How to Do a Pigovian Oil Tax

Economists have been advocating a tax on oil and/or gasoline for as long as I have been an economist. More recently, Greg Mankiw has even started a Pigou Club on his blog . I agree with it myself but the problem is that in the current political climate ANY kind of tax increase is unlikely and even if it werent, a tax big enough to offset the externalities of our huge oil demand would be extremely damaging in the short run – enough so to make it a bad idea from a short run economic as well as political point of view.

I will go out on a limb and say it will be a cold day in hell when President Bush proposes such a tax. Not only is it against his religion (no taxes, none, not ever, not for any reason) but it is also against the interests of his oil industry friends. He has yet to go against either of these and I don’t expect him to change in tonight’s State of the Union or anywhere else.

But what OUGHT we to want even if our benighted leader cant bring himself to propose it? Other commentators (See for example, knzn here ) have discussed whether oil demand elasticities are high enough to “work” and beyond that the developing world (especially China and India) is the place where demand growth is likely to be the highest, but there are several considerations that make a Pigovian tax a good idea and a simple implementation plan that would make it both more feasible and more effective.

Though demand growth is projected to be huge in China and India it is undeniable that the US consumes a disproportionate share – more than a quarter – of world oil demand at the present time ( See here ) The U.S. can and should be a leader on this issue since we are one of the main reasons for the high level of demand. In fact, our intransigence has done more to stymie global climate treaties than any other single factor.

Though short run oil demand elasticities may be low, long run ones are without a doubt much higher. But even this understates the importance of raising the price of oil. The main goal is NOT to encourage more conservation within our current technological base though that is a good idea and the experience of the past year shows that the effects can be significant. Rather it is to encourage development of new non-oil technologies to replace our foreign dependence altogether. New technologies will only become economically feasible if/when oil becomes more expensive and is widely perceived as certain to remain so.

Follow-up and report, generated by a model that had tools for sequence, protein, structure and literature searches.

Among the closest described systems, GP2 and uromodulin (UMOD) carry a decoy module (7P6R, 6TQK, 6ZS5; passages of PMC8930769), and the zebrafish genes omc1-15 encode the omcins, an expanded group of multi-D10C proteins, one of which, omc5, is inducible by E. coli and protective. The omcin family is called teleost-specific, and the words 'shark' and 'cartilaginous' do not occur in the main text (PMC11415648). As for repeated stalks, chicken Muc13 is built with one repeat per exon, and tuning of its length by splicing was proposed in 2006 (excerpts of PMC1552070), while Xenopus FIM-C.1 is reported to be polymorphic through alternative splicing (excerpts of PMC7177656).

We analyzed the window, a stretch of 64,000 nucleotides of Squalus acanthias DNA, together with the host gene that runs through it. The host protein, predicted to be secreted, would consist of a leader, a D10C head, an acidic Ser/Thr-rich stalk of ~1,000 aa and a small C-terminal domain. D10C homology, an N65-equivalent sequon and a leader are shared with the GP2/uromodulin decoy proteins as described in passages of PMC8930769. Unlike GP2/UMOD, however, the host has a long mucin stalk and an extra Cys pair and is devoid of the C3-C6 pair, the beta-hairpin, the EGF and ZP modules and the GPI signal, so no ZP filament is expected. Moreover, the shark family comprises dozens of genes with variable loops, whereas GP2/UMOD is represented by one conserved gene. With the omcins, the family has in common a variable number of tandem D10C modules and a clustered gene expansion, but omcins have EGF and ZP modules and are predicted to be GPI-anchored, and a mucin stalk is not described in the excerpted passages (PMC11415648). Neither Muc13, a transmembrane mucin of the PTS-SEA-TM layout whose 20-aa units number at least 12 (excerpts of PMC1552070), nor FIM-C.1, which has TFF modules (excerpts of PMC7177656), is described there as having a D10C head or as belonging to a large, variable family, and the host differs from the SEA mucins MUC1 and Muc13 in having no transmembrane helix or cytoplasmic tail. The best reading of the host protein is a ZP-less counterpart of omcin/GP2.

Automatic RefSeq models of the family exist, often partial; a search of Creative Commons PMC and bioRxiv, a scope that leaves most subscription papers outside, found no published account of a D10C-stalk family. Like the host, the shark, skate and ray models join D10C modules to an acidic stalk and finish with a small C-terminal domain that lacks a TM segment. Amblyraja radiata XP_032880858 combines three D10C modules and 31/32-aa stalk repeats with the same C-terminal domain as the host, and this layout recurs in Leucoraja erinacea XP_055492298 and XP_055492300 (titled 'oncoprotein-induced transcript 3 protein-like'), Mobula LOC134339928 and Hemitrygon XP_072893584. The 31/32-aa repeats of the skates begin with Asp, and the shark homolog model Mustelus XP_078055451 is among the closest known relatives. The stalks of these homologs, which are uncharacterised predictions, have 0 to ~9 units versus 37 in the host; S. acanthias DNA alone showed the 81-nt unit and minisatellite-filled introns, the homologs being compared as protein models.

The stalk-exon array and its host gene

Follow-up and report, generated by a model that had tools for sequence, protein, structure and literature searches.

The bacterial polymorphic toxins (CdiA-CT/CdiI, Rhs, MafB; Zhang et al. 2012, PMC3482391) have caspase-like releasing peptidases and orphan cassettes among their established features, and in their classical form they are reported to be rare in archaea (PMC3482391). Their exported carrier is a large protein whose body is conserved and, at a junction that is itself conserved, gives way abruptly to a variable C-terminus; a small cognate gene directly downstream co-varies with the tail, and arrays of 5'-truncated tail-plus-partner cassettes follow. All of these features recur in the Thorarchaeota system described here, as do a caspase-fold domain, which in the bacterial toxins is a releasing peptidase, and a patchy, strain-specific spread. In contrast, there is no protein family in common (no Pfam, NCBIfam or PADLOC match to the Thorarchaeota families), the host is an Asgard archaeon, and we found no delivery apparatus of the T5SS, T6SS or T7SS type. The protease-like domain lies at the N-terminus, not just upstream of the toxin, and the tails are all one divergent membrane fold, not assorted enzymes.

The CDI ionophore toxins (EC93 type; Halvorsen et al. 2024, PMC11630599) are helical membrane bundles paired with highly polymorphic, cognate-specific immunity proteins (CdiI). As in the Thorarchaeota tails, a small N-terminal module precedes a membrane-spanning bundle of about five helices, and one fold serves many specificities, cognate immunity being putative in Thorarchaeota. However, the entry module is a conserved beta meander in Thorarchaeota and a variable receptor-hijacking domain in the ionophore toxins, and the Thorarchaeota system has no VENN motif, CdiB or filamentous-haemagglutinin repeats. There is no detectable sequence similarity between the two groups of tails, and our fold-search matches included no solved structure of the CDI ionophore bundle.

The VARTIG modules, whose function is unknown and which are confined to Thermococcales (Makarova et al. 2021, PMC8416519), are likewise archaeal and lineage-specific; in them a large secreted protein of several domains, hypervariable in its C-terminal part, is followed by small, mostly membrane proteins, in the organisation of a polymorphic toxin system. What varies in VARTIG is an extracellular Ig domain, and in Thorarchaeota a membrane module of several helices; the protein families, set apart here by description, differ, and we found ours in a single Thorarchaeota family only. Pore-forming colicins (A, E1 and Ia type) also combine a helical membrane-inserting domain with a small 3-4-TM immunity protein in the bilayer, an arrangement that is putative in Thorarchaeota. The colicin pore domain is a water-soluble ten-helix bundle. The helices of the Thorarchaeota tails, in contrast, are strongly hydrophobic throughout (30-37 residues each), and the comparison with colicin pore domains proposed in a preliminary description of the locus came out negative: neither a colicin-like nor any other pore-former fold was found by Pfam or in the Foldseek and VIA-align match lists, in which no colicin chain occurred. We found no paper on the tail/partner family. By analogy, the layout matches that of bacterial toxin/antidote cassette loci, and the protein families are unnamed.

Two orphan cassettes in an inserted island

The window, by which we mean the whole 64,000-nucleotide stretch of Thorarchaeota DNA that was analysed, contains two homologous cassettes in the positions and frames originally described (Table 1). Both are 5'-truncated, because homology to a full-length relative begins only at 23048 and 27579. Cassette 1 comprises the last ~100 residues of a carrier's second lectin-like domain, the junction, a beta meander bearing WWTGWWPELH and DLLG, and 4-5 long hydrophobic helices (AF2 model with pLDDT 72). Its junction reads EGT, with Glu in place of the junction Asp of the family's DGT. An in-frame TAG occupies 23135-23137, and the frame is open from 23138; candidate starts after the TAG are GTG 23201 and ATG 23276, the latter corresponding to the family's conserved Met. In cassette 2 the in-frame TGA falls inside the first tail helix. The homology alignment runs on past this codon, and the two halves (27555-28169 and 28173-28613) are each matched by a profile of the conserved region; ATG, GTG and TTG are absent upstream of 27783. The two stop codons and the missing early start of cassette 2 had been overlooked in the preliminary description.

And there is perhaps the biggest problem – If we in the US are successful in lowering oil demand the result will be lower oil prices for us and everyone else with a consequent loss of the incentive to consume less and with the added problem of undercutting the profitability of any potential new technology. How to get around this? A tax big enough to ensure the viability of alternative technologies over the long run. In essence we want to speed up the incentive to invest in new technologies by not waiting until world oil prices force it on us. But how to make a tax big enough to accomplish this without taking the short run economic hit noted above?

The answer to this is to phase it in gradually over a long period. An oil tax that added a dollar a barrel each year for the next two or three decades would not only provide the long run certainty that would be needed to risk development of new technologies but it would also be gradual enough not to cause any short run disruptions. It would be at least two or three years before it even brought US taxes in line with what already exists in Europe but could be raised to whatever point is needed to provide an adequate incentive to develop alternatives as well as a Pigovian offset.

Politically, this idea would be a lot easier to sell than a single large tax increase would be. No politician would be forced to do something massively unpleasant in any single year or election cycle, while appeals to the need for energy independence would go far in convincing voters of the need for sacrifice. Indeed, is there anybody left in the country who doesn’t think it would be a good idea not to need to worry about foreign oil supplies?